In relation to the granting of bail, the committee said that where a magistrate decides to grant bail, he/she must consider the means of the person in order to fix an amount he/she is asked to post. It said that it was not only unlawful, but also futile to fix bail obviously beyond the means of a prisoner.
And it recommended that in cases where excessively high bail was set for minor offences or distant remand dates set as means of forcing a poor defendant to plead guilty, the magistrate concerned should be disciplined for behaviour inconsistent with the proper performance of his/her official duties. The committee said that bail should not be refused for minor offences, which did not carry a custodial sentence.
The committee also looked at the question of bail for offences under the Narcotics Act and recommended that where cases were not heard within a reasonable time, this should be considered a 'special reason' under section 73 of the Act for doing so. It noted that Article 139(4) mandated the High Court to grant bail where cases were not heard in a reasonable time.
The committee observed too that because of prison overcrowding magistrates should consider imposing non-custodial sentences, such as suspended sentences, as imprisonment in an overcrowded prison was a more severe punishment than mere imprisonment. It also observed that legislative sanction should be given to plea-bargaining, contending that the practice would result in the expeditious disposal of cases of persons in custody awaiting trial.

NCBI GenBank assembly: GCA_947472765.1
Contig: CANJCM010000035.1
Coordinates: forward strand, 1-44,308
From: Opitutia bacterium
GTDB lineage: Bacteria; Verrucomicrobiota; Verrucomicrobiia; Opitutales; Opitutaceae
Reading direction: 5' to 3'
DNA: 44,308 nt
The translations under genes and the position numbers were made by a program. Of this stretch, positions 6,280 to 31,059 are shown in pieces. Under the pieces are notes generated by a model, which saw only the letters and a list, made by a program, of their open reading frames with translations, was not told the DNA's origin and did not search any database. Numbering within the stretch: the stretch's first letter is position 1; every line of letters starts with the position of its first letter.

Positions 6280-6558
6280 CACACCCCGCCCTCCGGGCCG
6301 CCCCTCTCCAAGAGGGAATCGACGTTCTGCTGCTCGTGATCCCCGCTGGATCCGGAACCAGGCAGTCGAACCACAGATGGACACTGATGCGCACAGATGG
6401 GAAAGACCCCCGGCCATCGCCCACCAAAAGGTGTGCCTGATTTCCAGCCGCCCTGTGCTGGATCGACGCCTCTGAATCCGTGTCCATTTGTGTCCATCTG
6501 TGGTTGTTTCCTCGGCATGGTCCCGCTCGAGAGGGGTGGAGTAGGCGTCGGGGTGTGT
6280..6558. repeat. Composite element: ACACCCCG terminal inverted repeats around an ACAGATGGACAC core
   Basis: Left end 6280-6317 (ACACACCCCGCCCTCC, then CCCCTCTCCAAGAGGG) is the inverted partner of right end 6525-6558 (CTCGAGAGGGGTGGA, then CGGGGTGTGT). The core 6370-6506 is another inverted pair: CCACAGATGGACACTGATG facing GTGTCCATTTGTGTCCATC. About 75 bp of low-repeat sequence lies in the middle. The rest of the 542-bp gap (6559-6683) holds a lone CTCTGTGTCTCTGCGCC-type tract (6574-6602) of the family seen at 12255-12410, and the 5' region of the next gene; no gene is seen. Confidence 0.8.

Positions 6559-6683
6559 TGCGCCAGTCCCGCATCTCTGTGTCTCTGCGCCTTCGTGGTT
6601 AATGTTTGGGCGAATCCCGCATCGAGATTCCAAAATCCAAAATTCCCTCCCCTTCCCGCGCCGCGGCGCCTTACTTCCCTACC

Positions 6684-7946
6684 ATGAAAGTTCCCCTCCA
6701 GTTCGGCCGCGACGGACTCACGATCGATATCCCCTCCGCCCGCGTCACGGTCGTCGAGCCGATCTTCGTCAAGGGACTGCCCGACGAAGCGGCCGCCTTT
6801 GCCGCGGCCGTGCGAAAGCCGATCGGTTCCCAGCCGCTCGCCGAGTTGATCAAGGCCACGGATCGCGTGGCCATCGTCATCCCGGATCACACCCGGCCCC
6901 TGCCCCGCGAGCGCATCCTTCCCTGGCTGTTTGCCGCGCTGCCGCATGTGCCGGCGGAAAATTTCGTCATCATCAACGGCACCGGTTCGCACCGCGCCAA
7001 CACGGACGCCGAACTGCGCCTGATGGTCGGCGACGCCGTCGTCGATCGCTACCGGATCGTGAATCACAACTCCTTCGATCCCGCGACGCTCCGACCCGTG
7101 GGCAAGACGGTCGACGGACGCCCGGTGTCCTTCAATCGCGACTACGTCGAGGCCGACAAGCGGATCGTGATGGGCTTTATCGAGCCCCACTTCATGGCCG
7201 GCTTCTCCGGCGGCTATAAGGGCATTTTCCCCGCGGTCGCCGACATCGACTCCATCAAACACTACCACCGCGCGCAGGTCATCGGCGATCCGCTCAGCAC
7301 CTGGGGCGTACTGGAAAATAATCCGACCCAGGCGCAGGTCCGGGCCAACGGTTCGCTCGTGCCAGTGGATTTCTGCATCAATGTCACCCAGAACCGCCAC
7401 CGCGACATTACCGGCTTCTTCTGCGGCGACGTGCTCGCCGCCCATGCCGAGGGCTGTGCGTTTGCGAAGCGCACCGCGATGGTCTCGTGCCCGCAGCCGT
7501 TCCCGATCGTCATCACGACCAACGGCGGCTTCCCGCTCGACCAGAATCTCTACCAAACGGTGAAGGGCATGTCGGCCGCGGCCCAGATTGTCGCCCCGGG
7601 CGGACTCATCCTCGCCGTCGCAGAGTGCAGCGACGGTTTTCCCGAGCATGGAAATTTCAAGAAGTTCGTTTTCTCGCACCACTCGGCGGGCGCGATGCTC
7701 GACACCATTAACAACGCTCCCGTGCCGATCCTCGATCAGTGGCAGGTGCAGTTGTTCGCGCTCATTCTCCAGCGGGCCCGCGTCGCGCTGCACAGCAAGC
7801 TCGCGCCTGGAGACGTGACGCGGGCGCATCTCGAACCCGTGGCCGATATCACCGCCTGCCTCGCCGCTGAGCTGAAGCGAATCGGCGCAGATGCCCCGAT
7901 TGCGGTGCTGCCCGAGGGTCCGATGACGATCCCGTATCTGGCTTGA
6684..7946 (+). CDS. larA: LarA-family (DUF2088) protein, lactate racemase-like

The committee also made other recommendations that could assist in reducing the backlog of criminal cases. These include the expeditious preparation of records of the magistrates' court in cases where appeals were filed. It justified its recommendation by pointing out that the persons sentenced in the High Court were usually sentenced to longer terms of imprisonment and were unlikely to be granted bail pending their appeal.
The committee also recommended that consideration should be given to the creation of two divisions of the Court of Appeal - one dealing with appeals from criminal cases and the other with appeals from civil cases - which could sit simultaneously. It also recommended the enactment of legislation to provide for the number of Justices of Appeal to be increased to seven including the Chancellor but not the Chief Justice.
With regard to the dearth of competent court reporters to record the summing up of the judges, the committee noted that not only training but also the acquisition of the desired level of competence was necessary. It said that persons who have achieved the desired level of competence should be adequately compensated to ensure that they remained in the system.
The committee contended that if all of its recommendations were accepted and implemented they would go some way in easing the overcrowding in the prisons.
With regard to the investigation into unnatural deaths, the committee observed that the Coroner's Act mandates the Coroner to act expeditiously to determine the cause of an unnatural death, which comes to his knowledge. It suggested that the application of the provisions of the act would do much to restore public confidence in the judicial system and allay public disquiet in the many cases of extra-judicial killings by members of the police force.
The report noted that of the 129 fatal police shootings, deaths and disappearances, between 1993-2001, no more than six coroner's inquests were held.